Congress general secretary Rahul Gandhi on Tuesday renewed his demand for change in poll-bound Uttar Pradesh as he embarked on a five-day campaign to rally support for his party, part of a strategy aimed at reviving its fortunes in the politically crucial state.

Coming down heavily on the ruling Bahujan Samaj Party (BSP), Gandhi said chief minister Mayawati was trying to “kill the land acquisition Bill", which he said was initiated by the Congress party to help farmers whose land had been acquired forcibly in Tappal and Bhatta Parsaul in western Uttar Pradesh.

He said the Congress had kept its promises to the poor by implementing the Mahatma Gandhi National Rural Employment Guarantee Scheme and the 7,000 crore farm loan waiver programme. He alleged that the Mayawati-led government was misusing welfare funds released by the Congress party-led United Progressive Alliance (UPA) government at the Centre.

Gandhi also attacked the Samajwadi Party-led by Mulayam Singh Yadav, a former Uttar Pradesh chief minister, saying that it was not fighting for the poor and farmers. He reiterated that political leaders should come down to the grass roots level to understand issues affecting people.

Gathering support: Rahul Gandhi addressing a rally in Babrala, Uttar Pradesh, on Tuesday. Pradeep Gaur/Mint

“Change will begin in five years," said Gandhi, who spoke for more than 30 minutes. “I will give you in writing that in 10 years people will start coming to see what’s happening in UP... awake, rise and change UP."

Others who addressed the meeting were Union coal minister Sri Prakash Jaiswal, Congress general secretary Digvijay Singh, state unit leaders Pramod Tiwari and Rita Bahuguna Joshi, Salim Sherwani, a veteran Muslim leader of the region, and the Congress candidate from Gunnaur, Ajit Yadav.

Sherwani recalled former prime minister Rajiv Gandhi, Rahul Gandhi’s father. The elder Gandhi’s efforts had led to a fertilizer plant run by the Tata group being set up in Babrala. “Bring the Congress back to power for the growth of Uttar Pradesh," Sherwani said.

The campaign in the region that’s dominated by other backward classes (OBCs), mainly Yadavs and Lodhs, and Muslims, is considered a significant one for the Congress, which is desperate to revive its fortunes in Uttar Pradesh.

Winning support in this region is critical for the Congress to gain an edge over the SP to win the support of the crucial Muslim votes in the state, political observers said. Muslims, who constitute around 19% of the state’s population, can influence the electoral verdict in almost half the state’s 403 seats.

The Congress is also eyeing the votes of OBCs, most of whom are upset with Mayawati, and the resentment among the Yadavs who have been consistently backing Mulayam Singh Yadav.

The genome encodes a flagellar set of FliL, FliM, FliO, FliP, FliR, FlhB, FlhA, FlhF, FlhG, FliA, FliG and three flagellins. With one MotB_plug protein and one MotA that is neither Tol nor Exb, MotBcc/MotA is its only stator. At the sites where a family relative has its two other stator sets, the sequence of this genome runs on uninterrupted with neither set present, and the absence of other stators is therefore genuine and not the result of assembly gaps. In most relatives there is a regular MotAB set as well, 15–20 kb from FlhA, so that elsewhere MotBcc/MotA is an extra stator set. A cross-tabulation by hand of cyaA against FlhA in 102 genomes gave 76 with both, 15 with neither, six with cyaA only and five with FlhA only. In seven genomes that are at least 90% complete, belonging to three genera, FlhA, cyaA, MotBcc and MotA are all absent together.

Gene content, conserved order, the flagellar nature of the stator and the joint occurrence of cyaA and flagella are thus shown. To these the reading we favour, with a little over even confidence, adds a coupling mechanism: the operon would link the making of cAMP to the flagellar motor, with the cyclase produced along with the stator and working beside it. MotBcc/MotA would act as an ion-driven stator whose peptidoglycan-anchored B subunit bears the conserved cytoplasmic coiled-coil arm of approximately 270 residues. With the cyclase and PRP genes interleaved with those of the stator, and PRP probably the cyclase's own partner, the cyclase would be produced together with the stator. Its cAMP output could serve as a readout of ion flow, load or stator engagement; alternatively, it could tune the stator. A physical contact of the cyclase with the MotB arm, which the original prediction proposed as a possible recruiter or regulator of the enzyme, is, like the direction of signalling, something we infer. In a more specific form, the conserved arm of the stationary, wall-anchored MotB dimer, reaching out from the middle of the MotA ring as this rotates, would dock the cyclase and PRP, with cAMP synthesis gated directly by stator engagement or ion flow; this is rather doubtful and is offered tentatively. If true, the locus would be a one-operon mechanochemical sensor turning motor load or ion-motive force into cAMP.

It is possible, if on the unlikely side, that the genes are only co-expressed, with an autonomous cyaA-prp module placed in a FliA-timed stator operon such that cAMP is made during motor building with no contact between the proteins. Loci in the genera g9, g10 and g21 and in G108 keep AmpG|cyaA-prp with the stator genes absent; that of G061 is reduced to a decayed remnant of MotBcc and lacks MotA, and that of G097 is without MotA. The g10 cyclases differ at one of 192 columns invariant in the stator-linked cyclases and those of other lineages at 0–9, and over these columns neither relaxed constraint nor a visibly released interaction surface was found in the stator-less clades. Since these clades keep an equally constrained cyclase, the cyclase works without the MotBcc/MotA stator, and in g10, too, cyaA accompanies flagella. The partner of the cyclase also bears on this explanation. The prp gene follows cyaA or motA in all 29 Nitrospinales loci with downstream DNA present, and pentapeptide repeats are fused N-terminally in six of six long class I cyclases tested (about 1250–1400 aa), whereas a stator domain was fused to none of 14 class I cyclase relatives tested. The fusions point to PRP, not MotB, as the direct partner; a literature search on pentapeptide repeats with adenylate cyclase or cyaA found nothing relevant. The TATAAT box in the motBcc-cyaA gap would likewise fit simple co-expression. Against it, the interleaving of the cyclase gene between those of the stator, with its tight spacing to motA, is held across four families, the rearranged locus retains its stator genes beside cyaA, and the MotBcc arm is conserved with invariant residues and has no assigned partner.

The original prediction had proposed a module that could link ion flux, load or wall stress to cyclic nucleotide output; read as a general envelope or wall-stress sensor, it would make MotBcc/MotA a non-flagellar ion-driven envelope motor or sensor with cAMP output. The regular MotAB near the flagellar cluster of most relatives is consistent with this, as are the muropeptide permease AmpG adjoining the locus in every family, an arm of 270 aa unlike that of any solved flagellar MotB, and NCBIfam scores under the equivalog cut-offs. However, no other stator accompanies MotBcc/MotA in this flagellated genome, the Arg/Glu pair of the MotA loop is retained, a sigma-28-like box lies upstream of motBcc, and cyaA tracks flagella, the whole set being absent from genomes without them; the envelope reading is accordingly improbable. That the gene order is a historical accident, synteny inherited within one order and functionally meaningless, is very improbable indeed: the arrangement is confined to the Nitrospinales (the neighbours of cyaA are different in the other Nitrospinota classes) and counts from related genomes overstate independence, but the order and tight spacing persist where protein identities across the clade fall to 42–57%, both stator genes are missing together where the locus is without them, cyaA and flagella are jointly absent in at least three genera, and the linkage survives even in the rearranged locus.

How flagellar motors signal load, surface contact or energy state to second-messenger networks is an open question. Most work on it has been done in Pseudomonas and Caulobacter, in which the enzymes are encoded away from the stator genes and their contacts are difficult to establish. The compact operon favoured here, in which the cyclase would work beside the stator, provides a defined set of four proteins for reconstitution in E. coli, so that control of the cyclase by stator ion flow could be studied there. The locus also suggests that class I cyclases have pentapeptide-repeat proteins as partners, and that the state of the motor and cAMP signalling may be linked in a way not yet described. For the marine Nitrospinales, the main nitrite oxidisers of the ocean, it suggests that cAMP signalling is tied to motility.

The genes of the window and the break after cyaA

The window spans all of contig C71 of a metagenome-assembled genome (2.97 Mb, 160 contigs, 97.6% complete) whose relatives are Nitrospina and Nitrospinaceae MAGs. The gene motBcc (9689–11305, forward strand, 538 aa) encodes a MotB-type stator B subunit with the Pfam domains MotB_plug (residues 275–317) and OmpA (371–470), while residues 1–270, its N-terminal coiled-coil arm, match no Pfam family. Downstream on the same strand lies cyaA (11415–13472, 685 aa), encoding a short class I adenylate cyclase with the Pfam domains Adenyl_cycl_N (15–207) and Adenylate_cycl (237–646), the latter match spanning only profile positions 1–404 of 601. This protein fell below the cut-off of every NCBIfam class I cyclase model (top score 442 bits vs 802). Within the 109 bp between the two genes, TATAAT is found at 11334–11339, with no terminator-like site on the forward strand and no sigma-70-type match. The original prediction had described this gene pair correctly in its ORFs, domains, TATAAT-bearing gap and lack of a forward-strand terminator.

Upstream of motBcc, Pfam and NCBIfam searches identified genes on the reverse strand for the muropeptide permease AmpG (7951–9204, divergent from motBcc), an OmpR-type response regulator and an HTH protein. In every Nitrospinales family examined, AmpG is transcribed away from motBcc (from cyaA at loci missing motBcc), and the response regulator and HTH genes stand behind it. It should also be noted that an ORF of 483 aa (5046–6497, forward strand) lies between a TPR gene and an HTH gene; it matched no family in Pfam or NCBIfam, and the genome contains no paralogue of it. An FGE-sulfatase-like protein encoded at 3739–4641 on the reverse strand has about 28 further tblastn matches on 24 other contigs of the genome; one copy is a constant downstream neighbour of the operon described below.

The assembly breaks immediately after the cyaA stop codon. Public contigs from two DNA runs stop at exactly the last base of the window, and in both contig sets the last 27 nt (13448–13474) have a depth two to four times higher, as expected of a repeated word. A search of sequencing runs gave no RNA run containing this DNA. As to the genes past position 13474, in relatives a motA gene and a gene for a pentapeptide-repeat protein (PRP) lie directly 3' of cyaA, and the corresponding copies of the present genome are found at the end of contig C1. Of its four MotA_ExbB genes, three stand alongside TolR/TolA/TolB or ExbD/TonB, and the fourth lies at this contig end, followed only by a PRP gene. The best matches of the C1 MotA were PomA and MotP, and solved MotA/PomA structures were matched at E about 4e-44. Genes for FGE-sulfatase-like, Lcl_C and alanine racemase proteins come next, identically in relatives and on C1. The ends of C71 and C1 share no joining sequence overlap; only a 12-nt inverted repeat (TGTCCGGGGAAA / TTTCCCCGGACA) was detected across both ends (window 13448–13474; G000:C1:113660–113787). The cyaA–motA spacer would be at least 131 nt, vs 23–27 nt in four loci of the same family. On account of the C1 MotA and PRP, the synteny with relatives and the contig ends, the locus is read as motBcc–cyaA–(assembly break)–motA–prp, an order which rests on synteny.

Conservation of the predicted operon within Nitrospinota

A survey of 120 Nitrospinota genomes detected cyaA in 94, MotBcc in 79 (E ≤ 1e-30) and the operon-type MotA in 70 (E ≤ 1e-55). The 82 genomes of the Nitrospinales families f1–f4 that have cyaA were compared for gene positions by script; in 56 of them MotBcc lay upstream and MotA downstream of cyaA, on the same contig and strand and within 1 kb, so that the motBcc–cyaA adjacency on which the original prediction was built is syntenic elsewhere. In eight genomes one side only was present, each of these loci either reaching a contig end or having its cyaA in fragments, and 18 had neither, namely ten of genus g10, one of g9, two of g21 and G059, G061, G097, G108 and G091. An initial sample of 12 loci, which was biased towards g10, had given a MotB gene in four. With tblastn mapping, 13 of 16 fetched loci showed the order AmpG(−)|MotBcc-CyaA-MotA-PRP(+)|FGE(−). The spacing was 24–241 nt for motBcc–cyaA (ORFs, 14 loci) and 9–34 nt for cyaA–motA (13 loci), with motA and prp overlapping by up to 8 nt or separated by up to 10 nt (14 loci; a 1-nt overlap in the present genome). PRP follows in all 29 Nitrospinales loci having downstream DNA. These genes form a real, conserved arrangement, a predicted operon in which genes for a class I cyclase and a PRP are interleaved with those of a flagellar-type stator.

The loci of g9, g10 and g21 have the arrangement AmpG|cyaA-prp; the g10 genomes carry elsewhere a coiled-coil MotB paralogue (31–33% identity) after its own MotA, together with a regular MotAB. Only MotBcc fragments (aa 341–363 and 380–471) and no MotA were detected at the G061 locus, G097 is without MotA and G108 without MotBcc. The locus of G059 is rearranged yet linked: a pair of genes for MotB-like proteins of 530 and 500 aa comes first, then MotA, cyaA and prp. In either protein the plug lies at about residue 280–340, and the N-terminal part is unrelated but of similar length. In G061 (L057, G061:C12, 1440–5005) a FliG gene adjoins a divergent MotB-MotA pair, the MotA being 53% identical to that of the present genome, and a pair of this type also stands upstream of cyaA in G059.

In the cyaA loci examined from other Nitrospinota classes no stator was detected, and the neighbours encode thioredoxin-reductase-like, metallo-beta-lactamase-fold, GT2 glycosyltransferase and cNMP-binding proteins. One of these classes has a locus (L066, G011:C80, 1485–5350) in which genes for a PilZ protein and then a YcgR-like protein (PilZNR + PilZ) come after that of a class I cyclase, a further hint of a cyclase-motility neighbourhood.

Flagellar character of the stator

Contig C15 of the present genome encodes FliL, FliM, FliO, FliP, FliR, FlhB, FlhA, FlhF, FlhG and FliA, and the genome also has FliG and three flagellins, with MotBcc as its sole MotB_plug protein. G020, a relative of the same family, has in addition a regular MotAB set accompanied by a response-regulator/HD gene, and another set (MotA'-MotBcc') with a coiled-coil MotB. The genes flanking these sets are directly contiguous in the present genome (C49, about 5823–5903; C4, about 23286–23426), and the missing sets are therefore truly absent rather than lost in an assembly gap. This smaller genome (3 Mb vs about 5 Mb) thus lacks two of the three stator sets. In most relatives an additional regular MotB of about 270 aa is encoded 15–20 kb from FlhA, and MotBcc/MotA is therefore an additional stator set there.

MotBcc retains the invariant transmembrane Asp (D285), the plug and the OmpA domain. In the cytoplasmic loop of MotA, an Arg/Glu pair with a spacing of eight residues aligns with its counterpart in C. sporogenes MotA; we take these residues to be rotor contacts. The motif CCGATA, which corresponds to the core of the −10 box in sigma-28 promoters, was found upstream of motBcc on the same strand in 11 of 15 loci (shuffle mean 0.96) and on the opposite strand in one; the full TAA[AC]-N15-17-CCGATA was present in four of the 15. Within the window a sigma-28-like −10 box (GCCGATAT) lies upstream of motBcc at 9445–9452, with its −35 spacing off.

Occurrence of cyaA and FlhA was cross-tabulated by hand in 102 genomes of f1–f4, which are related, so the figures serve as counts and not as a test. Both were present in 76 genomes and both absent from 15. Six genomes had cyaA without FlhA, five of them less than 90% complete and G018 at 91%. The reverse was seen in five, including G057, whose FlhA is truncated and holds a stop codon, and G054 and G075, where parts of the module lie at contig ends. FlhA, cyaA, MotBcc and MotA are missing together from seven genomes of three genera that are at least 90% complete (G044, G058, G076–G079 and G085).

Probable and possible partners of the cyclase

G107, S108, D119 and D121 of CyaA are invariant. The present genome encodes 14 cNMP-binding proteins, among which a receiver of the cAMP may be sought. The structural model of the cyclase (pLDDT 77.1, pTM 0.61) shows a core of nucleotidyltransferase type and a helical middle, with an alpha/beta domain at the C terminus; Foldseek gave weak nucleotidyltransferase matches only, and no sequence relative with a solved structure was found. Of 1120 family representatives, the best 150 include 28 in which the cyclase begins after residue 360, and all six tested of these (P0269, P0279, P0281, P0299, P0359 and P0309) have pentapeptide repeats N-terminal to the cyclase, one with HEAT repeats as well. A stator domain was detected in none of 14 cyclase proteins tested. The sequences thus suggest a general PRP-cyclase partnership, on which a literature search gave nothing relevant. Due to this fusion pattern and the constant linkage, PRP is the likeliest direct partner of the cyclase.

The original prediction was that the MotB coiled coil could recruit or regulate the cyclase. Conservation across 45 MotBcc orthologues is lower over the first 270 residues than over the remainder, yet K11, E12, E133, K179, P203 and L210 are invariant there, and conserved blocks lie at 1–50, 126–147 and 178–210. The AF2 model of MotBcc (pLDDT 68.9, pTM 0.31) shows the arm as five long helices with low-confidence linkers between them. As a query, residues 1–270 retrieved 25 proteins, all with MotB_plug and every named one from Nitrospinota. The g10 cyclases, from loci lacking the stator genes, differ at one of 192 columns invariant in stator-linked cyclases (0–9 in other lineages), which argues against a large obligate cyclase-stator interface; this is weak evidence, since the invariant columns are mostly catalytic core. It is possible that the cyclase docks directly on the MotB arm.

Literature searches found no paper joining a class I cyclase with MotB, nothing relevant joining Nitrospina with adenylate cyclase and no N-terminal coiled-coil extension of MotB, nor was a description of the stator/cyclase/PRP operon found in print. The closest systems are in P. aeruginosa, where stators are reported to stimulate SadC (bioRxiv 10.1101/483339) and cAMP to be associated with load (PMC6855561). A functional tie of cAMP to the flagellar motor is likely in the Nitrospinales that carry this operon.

Rahul Gandhi’s tour began with a public rally in Gunnaur constituency, where Mulayam Singh Yadav himself has won twice in the last two decades. It will cover the constituencies of key SP leaders Dharmendra Yadav and Akhilesh Yadav, nephew and son, respectively, of the party leader.

However, political observers warn that too obvious an overture to Muslims may irk the Brahmins, who currently favour Rahul Gandhi and the Congress, consolidating the Hindu vote behind the Bharatiya Janata Party (BJP).

With Congress seeking to make a strong showing, the region is expected to witness a four-cornered fight involving the BSP, which still has considerable support, the SP, Congress and the BJP, which enjoys the backing of the Lodhi-Rajputs. The Lodhi-Rajputs are expected to back the BJP after the return of former chief minister Kalyan Singh to the fold.

In Sahaswan and Bilsi, both Muslim-dominated constituencies, Gandhi repeated his call for change. His criticism of Mulayam Singh Yadav was sharper in Bilsi, casting doubt on his commitment towards the poor.

“Change can be brought only by you," he told the crowd. The Congress’ attempt to eat into the SP vote share is evident from the seat distribution. Its candidates in Sahaswan and Bilsi, Yogendra Kunnu Babu and Brajpal Sakia, respectively are former SP legislators. “The Congress’ ticket distribution in this region will definitely affect the SP’s prospects adversely," said Anand Swaroop in Babrala.

Backing up the Congress bid to woo Muslims was Digvijay Singh’s attack on the Rashtriya Swayamsevak Sangh (RSS). He also reiterated the role that Hindu fundamentalists allegedly played in some terror attacks in his speech in Sahaswan. According to Anurag Wasnik, a small shopkeeper in Bilsi, the Congress won’t get much support from Muslims as it hasn’t fielded a candidate from the community as has the BSP.

But a Muslim woman who attended Gandhi’s public meeting, said: “The Muslims here are sick of Mayawati. She was a chief minister only for the Jatavs."

However, the ruling BSP will remain the main target of the Congress, said Sudhir Panwar, a professor of Lucknow University.

“The Congress, SP and the BSP are fighting for Muslim votes. But the forthcoming election will be the first poll in which the Muslims in the state will cast a positive vote because they don’t fear the BJP’s coming to power," Panwar said.